Perils of Making Old HVAC Equipment Work

by Susan Nichol

The perils of doing whatever it takes to make combustion heating (natural gas/propane) or air conditioning equipment limp along another year.  The consequences range from catastrophic and environment damage to excessively high energy bills. 

One day, you just can’t take it anymore, so you call an HVAC firm. You feel uncomfortable, whether it’s too hot or too cold, so you schedule a service call. The technician identifies the issue, but they need to order the part or schedule a follow-up for the next business day. You may wonder if your technician knows a temporary workaround, so that you can get some relief to get HVAC equipment to work. Many times, there are workarounds, but at what cost? If there’s a workaround, they may be doing it on a safety that was placed on the furnace to either protect the health of the occupants, or perhaps the safety of the property.

What could possibly happen? Below are the famous last words of technicians and home owners alike. It brings us no joy when the customer starts explaining their situation and says, 'It sounded like a good idea at the time."

Perils of Making Old HVAC Equipment WorkHere are some things that you may want to think twice about before embarking down the road for instant gratification.

  1. There are many things that will shut a furnace down, and a safety is a good thing. A series of safeties were invented to protect the public, but not to be a nuisance. There are several reasons a safety would kick in some of the reasons, including reduction of air flow, extreme temperature issues, and exhaust issues, which all could mean carbon monoxide poisoning or fire. There are many online videos of cases where the safety was bypassed, which resulted in grim consequences.  It may or may not be safe for the first night, but unfortunately, human nature makes us push the limit. We may think, well if one night was ok, how about two or three? Eventually, the issue will catch up and result in flame rolling out on the furnace – the heat exchanger will get so hot that it’ll make a hole in it, and you will be breathing in exhaust fumes packed with deadly carbon monoxide. In short, don’t bypass a safety. It is much better to stay in a hotel for the night if it really is that uncomfortable.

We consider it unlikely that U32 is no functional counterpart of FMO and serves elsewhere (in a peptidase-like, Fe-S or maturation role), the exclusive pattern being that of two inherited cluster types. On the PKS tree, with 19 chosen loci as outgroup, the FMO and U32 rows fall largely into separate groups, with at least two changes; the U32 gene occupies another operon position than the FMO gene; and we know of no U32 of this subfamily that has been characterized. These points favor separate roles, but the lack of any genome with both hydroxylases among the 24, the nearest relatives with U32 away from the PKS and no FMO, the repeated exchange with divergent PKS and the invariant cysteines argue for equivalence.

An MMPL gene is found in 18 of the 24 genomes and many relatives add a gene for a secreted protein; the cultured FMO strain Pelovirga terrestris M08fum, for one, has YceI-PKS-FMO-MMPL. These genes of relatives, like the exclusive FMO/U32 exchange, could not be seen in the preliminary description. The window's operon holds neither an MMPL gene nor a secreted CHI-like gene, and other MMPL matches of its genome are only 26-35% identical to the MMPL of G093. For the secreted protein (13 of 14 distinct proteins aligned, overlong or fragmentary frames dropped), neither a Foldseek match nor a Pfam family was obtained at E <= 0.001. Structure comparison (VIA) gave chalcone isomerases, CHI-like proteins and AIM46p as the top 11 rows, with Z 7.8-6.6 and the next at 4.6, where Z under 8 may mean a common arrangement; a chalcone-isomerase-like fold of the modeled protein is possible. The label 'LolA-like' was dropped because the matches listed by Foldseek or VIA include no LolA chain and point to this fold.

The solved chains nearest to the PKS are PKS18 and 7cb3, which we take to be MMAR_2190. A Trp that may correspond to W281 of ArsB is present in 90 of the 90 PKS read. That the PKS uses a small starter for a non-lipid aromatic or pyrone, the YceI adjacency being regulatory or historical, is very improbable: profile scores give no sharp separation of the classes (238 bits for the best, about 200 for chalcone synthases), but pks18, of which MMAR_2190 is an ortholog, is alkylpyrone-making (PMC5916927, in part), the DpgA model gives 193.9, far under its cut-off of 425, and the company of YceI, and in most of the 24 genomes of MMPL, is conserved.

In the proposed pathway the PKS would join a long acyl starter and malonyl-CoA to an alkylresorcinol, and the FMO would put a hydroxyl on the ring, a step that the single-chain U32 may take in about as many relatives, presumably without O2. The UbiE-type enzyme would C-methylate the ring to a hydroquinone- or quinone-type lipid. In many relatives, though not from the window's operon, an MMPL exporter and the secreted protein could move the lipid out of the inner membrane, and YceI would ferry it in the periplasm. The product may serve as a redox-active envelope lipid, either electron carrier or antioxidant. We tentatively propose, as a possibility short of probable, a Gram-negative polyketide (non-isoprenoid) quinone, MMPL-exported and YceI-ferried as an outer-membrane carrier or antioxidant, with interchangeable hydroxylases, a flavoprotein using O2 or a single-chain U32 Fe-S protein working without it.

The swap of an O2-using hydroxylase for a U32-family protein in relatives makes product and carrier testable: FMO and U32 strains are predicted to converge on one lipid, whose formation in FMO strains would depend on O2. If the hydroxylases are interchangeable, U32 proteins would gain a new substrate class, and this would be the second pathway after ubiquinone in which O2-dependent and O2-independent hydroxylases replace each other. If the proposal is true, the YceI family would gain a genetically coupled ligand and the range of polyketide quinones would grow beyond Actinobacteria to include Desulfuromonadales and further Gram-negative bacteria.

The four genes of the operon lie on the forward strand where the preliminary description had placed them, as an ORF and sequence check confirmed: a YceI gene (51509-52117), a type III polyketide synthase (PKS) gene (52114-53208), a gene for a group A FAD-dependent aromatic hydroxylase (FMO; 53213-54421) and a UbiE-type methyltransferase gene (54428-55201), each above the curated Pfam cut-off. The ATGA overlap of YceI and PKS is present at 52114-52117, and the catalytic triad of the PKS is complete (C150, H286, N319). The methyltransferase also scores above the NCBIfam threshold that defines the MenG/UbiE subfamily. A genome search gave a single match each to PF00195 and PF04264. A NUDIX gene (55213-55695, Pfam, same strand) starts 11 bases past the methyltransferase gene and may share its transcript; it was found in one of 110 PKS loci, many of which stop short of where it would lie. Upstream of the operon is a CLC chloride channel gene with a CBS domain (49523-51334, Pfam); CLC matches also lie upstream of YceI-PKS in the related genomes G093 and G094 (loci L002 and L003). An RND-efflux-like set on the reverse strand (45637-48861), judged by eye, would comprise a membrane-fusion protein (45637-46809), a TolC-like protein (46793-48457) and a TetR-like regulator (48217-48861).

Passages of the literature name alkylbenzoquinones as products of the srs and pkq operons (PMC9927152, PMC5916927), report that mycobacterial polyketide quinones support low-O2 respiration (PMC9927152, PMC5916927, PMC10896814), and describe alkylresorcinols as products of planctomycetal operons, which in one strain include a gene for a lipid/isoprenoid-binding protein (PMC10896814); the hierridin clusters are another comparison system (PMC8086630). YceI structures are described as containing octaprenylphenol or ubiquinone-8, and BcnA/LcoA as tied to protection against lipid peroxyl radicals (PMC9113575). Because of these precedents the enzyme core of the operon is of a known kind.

2. The flue had an obstruction, but an inexperienced technician could not determine the issue. The technician realized that the furnace will work with a bypassed safety, so that's what they did. If this happens, this can cause the super-heated furnace or an obstructed flue to fume. Because carbon monoxide is odorless and colorless, it’s potentially deadly to back up into the furnace.
  3. There is another item that gets bypassed, and this one is for the air conditioning system. This item has to do with the drainage of the condensation that accumulates during the function of the air conditioning system. Bypassing a sensor to shut down the air conditioning system, considering the condensate drain isn’t working properly, can cause extensive damage. Water is very damaging to a home. The result can be dry rot and even very dangerous mold. So, although water damage may not appear as dangerous as fire or carbon monoxide, mold can become extremely dangerous.
  4. The last example is the loss of refrigerant. Because air conditioning is a closed system, it shouldn’t require any refrigerant. If refrigerant is needed for the cooling to work, then there may be a leak.  Not only is replacing refrigerant expensive, but the older refrigerants can potentially ruin the ozone.  The EPA and mother earth want us to locate the leak and fix it.

The additional issue for bypassing something until the parts come in is human nature. If it is working, there is no rush to finish it, which can increase the chances of a disaster.  Don’t chance it!

If you want an HVAC company that is more concerned about your health, safety, and property, please call Cold Craft, Inc. We’re the answer to your comfort needs! Visit coldcraft.com or call us at 408.374.7292 to learn more.